Towards Understanding the Bible
Much Bible reading is done without achieving any real understanding — indeed without any serious attempt to understand. There are various pieces of advice that could be given on this matter but here we want to touch on just one small area of a very large subject.
The Larger Catechism tells how the Scriptures are to be read: "...with a firm persuasion that they are the very word of God ... with a desire to know, believe and obey ... with diligence and attention to the matter and scope of them; with meditation, application, self-denial and prayer".
All these are excellent points, worth pondering and practising. One I want to develop is connected with "diligence and attention to the matter and scope" of the Scriptures. That says we're meant to look very carefully at the actual text of Scripture. What I've to say has got to do with study at that level.
I had known Edinburgh all my days. Every summer we spent a month's holiday there and my grandfather took us round the sights: the castle and the museums, the libraries and the cemeteries; the ducks at Duddingston and the cricket at Carlton.
But when I went to the University there, the Geography class went on a "field trip" round Edinburgh and the evidence of how the city had expanded at different stages in its history was pointed out to us. It was a real eye-opener. I'd always known the city, but seeing it from a historical point of view gave new meaning to familiar locations.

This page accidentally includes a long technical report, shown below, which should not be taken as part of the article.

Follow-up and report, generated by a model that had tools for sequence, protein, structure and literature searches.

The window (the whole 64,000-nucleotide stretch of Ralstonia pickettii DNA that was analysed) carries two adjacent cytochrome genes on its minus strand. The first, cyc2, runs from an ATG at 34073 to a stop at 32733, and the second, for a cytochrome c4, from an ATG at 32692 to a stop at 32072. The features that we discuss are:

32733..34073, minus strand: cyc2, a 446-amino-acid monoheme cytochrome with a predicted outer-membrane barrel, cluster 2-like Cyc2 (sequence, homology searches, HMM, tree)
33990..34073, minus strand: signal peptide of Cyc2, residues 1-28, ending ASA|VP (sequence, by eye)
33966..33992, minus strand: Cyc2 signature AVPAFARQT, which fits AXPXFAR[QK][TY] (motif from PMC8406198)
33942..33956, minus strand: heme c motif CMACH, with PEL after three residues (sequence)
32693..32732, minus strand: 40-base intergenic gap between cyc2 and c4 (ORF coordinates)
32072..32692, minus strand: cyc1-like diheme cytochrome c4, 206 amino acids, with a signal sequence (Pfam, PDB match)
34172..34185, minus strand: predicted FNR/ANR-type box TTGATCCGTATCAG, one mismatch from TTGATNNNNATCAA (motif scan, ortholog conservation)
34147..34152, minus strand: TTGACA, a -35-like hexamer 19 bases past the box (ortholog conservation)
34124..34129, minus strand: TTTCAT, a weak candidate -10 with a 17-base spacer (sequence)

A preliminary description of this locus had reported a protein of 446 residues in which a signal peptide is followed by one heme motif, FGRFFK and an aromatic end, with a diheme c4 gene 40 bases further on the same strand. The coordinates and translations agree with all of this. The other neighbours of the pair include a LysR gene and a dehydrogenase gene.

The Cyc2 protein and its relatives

It was the same with the Bible when I went to the Free Church College. I had been brought up on the Bible but I'd never thought to look at it from a historical point of view.
In the New Testament class we started with the Epistle to the Galatians. It had never occurred to me to ask: who were the Galatians? How did Paul get to know them? Why did he write to them? But through dealing with such questions in class, I came to understand the Bible in a way I never had before. When I saw it from a historical point of view, I grasped more fully the "matter and scope" of the Bible.
I think every serious Bible-reader ought to look at the Scriptures from that point of view. To appreciate its historical background — to ask about each book "who wrote it? why? when? where from?" — is important. We don't need to be "scholars" to appreciate the Bible, but a little basic knowledge of the Bible's historical circumstances can be a step towards a better understanding of it.
Understanding words is actually a far more complicated business than people usually realise. Take a simple sentence like this newspaper headline: "Major abandons poll tax". We know what it means but if we look at it carefully, we see that some of the words have actually got a wide variety of meanings.
"Major" can be an adjective meaning "more important"; or a noun referring to an army officer; or a verb meaning "to give special attention to" (especially to a subject of study). Here it is none of these, but the Prime Minister's surname.
"Poll" too has a variety of meanings. In some parts of Scotland to "have a poll" has nothing to do with holding elections but refers to having a haircut! It is also a type of parrot. In the phrase "poll tax", it means a "head" tax — though I suspect some people think it means a tax on everyone whose name is on the voter's roll.
So the words used have a variety of meaning but despite this, we have no difficulty in saying what "Major abandons poll tax" means. Why? Because we understand the historical circumstances to which the words refer. To people who didn't know the "when" or "where" or "why" of these words they could convey a different meaning altogether — as we'll see.